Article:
The night felt festive. Enthusiastic students were asking questions, and marveling at the light show. I felt a part of this community. Despite my knowing very little Japanese, I felt I understood a lot from context, from body language. By that time I had also built a language with my lab mates - I'd learned which English words they knew, and which phrases and verb tenses to avoid because they caused confusion. I remember naturally answering someone excitedly in the affirmative with "so so so so", as I'd often heard the Japanese do, and this came naturally to me. Caught up in the festiveness, I decided it would be fun to eat some umihotaru. The ostracods tasted like .... seawater. My mouth glowed with the bright blue light we'd watched cascading down the pier all night. I'm quite certain the students thought me a crazy "gaijin", and they were happy to laugh and talk excitedly among themselves, and my mouth continued to glow.

I have some video of trapping umihotaru, taken at this very pier. This video is from a Japanese science documentary that featured Abe's lab. I copied the VHS tape while there, and I moved some parts to computer a while back (I also sped up the video a little, so I could show it in seminars and not take too much time):

Since my first introduction to trapping ostracods, I've designed my own traps. These are cheaper, lighter, and safer to transport than glass jars. Since I'm working on an invited book chapter on how to collect ostracods, I've made a figure describing my design. Perhaps you want to try to trap ostracods where you live:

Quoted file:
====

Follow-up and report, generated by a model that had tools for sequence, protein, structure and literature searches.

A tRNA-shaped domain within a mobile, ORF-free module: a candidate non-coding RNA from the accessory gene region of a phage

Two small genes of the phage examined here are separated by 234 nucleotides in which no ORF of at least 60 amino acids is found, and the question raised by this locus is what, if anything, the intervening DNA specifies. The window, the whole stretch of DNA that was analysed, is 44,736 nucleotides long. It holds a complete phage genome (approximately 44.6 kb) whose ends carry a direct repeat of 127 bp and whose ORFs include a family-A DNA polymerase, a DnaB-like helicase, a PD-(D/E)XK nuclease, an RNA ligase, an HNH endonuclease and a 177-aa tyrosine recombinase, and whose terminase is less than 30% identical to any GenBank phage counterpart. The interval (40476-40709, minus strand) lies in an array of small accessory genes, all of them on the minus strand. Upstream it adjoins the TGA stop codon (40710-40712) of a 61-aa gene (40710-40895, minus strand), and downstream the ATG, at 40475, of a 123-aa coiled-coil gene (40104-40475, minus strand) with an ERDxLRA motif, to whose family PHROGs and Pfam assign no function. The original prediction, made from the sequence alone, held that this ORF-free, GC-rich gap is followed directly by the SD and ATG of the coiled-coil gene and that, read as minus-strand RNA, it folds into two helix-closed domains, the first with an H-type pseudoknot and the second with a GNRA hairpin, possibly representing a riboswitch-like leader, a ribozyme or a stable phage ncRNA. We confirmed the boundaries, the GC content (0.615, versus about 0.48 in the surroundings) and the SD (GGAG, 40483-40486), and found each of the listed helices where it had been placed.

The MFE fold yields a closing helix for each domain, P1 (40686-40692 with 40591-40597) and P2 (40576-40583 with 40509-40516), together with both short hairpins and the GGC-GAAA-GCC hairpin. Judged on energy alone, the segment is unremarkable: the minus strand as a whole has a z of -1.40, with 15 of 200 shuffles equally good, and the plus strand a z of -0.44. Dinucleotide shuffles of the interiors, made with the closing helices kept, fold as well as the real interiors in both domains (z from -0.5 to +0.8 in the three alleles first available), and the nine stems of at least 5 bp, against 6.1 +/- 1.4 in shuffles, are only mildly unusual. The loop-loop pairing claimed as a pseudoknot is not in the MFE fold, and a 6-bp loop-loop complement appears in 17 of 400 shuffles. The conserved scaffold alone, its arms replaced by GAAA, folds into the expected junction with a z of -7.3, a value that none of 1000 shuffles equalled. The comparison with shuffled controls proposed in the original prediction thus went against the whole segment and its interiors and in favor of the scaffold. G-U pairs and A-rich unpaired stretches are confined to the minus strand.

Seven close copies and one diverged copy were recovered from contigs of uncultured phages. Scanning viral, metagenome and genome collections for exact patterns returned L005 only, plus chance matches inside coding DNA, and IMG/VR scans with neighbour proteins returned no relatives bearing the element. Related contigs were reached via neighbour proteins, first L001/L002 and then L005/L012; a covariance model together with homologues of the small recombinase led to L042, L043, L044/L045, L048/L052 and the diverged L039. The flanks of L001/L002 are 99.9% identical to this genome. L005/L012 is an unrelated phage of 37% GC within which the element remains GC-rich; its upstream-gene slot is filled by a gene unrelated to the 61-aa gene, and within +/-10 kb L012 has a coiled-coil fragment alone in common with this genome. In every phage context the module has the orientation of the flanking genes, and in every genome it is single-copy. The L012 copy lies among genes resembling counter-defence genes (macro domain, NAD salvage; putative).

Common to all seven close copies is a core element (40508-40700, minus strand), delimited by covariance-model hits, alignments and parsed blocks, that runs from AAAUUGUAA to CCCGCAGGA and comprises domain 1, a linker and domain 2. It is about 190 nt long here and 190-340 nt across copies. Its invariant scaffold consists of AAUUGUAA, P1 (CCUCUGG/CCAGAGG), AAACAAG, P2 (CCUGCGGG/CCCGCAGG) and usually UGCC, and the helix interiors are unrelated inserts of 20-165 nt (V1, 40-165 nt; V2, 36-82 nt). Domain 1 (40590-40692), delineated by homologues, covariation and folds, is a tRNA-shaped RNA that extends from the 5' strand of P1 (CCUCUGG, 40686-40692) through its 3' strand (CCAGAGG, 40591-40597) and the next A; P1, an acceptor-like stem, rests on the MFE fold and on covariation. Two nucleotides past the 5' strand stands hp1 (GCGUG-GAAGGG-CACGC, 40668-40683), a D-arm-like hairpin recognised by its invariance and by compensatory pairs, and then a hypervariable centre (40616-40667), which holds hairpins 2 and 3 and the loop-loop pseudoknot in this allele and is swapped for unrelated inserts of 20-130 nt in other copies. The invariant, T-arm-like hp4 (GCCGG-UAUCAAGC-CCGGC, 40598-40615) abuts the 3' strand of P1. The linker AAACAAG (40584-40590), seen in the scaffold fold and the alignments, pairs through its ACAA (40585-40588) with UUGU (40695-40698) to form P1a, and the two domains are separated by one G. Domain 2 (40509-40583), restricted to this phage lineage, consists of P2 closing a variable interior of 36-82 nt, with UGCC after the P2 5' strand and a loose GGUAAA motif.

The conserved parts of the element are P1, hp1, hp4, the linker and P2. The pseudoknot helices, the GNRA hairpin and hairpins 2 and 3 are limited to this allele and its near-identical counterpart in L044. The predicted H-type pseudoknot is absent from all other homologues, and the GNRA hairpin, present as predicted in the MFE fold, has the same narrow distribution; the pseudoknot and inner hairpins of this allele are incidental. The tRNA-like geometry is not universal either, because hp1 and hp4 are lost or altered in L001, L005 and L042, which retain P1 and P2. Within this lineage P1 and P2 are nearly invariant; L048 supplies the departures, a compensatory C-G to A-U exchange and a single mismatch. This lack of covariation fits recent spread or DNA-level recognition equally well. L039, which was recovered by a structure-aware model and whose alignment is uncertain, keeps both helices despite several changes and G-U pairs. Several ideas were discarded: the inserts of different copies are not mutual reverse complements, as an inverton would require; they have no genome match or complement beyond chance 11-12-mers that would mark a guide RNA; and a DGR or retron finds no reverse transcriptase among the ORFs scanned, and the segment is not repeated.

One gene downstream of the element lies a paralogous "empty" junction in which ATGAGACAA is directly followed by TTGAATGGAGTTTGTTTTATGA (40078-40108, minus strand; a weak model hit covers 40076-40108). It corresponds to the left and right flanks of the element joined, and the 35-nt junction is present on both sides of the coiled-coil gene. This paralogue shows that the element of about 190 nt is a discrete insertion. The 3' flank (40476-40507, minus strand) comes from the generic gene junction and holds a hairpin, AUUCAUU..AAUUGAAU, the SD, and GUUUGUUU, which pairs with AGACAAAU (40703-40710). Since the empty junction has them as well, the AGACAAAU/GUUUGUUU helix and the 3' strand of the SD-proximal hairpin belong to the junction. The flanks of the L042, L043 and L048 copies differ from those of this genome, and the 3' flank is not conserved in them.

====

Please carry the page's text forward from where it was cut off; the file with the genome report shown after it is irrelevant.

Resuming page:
Figure 1 - a. Inexpensive 50 ml conical tubes are available from many vendors, and are nearly ubiquitous in labs conducting molecular biology. b. The first step is to saw the end off of the tube, above the conical portion c. a hole is drilled in the bottom of the cone. The size of the hole can be varied; only animals that fit through this hole will be trapped. d. The cap is removed, and the cone-end is placed in the opening. Friction holds the cone tightly in place. e. Bait (such as imitation crab meat made of pollack) is placed in the tube, and the open, sawed end is covered with material (such as that cut from an old t-shirt), and secured with a rubber band. Numerous traps can be secured to nylon rope with plastic zip ties.

Saturday, January 24, 2009

Creationism and Evolution in our society